Working Out Outside—Safely
Seven tips from a Bergen-based physical therapist can help you exercise caution when you exercise.
Aren’t September’s mild temperatures a relief, and a golden invitation to outdoor activity? “The fall is the perfect time to get outside and take advantage of the warm days and crisp nights,” says Marnie Wortman, D.P.T., clinic director at Iron Physical Therapy in Midland Park. Still, while wilting humidity may be less of a concern now, outdoor exercisers can still encounter problems—everything from sunburns to slips and falls. So Dr. Wortman shares some suggestions for minimizing your risk:
Choose a safe workout.
“That means one where you have been taught how to do the movements properly and how to modify exercises as needed to increase or decrease intensity,” says Dr. Wortman. She suggests lower-impact options such as walking, swimming and biking for people with joint issues. Weight training or other weight-bearing activities can be beneficial for folks with achy or painful joints too.
Find the right location.
For many of us, a sidewalk or flat pavement is ideal because the surface is usually level, but runners, walkers and cyclists should always be aware of potential hazards such as “uneven roads, wet spots, sticks, animals, leaves during the fall and ice during the colder months,” says Dr. Wortman. “Exercising in groups is also a great way to use the power of many eyes and ears to help avoid dangers.” Dealing with lower body pain? Try working out on grass or the track at your local high school, as both provide more “give.”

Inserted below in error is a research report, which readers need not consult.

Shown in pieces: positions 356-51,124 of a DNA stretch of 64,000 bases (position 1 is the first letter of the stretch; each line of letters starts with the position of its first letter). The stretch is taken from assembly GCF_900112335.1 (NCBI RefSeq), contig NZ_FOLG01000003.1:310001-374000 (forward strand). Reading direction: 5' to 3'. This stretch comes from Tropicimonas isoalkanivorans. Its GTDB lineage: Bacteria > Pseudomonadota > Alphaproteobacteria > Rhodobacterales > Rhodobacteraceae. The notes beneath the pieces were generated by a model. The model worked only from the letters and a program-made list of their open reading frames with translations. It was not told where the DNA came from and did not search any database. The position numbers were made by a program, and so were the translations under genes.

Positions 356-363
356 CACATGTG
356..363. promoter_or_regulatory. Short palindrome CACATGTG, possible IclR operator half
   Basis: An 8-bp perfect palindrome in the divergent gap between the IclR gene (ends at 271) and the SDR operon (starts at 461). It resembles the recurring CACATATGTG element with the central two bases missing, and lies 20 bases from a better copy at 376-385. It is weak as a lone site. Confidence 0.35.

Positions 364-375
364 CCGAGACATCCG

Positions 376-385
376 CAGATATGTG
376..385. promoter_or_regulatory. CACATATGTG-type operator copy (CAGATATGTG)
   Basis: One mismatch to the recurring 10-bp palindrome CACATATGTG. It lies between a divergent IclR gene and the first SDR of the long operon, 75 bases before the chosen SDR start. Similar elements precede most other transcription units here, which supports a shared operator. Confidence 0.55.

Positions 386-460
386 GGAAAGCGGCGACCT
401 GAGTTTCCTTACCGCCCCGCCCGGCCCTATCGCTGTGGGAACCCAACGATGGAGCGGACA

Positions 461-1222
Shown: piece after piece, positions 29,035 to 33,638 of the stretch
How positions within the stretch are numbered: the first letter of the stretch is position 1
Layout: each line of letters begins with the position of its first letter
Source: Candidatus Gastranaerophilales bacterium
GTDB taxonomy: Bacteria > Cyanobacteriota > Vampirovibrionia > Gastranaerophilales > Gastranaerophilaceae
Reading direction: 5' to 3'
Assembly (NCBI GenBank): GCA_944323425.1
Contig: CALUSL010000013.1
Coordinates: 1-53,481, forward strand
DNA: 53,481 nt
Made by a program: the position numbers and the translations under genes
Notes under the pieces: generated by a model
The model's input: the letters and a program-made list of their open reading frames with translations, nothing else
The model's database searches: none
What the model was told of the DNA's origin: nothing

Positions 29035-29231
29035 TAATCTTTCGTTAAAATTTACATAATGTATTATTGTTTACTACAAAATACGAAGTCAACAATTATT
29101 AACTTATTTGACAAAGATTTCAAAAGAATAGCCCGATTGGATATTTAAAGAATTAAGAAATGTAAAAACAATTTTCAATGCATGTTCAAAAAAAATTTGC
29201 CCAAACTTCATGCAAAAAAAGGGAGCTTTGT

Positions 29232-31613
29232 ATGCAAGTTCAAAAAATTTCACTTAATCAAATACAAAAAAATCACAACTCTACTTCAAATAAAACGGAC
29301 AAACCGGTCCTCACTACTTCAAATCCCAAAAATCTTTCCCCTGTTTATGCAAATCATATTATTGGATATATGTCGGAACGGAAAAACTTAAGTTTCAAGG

Warm up to avoid injuries.
A 10- to 15-minute dynamic warmup is sometimes all it takes to prepare your body for a safe workout. “Dynamic movements include lunges, squats and push-ups,” Dr. Wortman says. “It’s important to make sure your muscles and joints don’t feel tight before you start walking or jogging.” Slather on sunscreen. Exposed skin is at risk for sunburn even when it’s not super-sunny. Opt for a water-resistant, broad-spectrum product—one that offers protection against both UVA and UVB rays—with an SPF (sun protection factor) of 30 or higher.
Watch the weather.
Dressing appropriately is key when exercising outside in any season. On brisk September mornings, wear a moisture-wicking layer first because “it ‘breathes,’ it’s quick-drying and it moves sweat away from your skin, which is important to keep your body warm during those chilly fall mornings,” advises Dr. Wortman.
Make yourself visible.
Wear reflective gear if you’re planning to work out at dusk or in the evening. “My personal favorites are blinking lights, which I wear in several places on my body so that cars coming from all directions can see me,” says the physical therapist. “I also wear bright colors, especially in the early morning or night hours when visibility can be tricky.”
Adjust your AirPods.
Listening to music or a podcast? Keep the volume low so you’re tuned into your surroundings and your hearing is protected.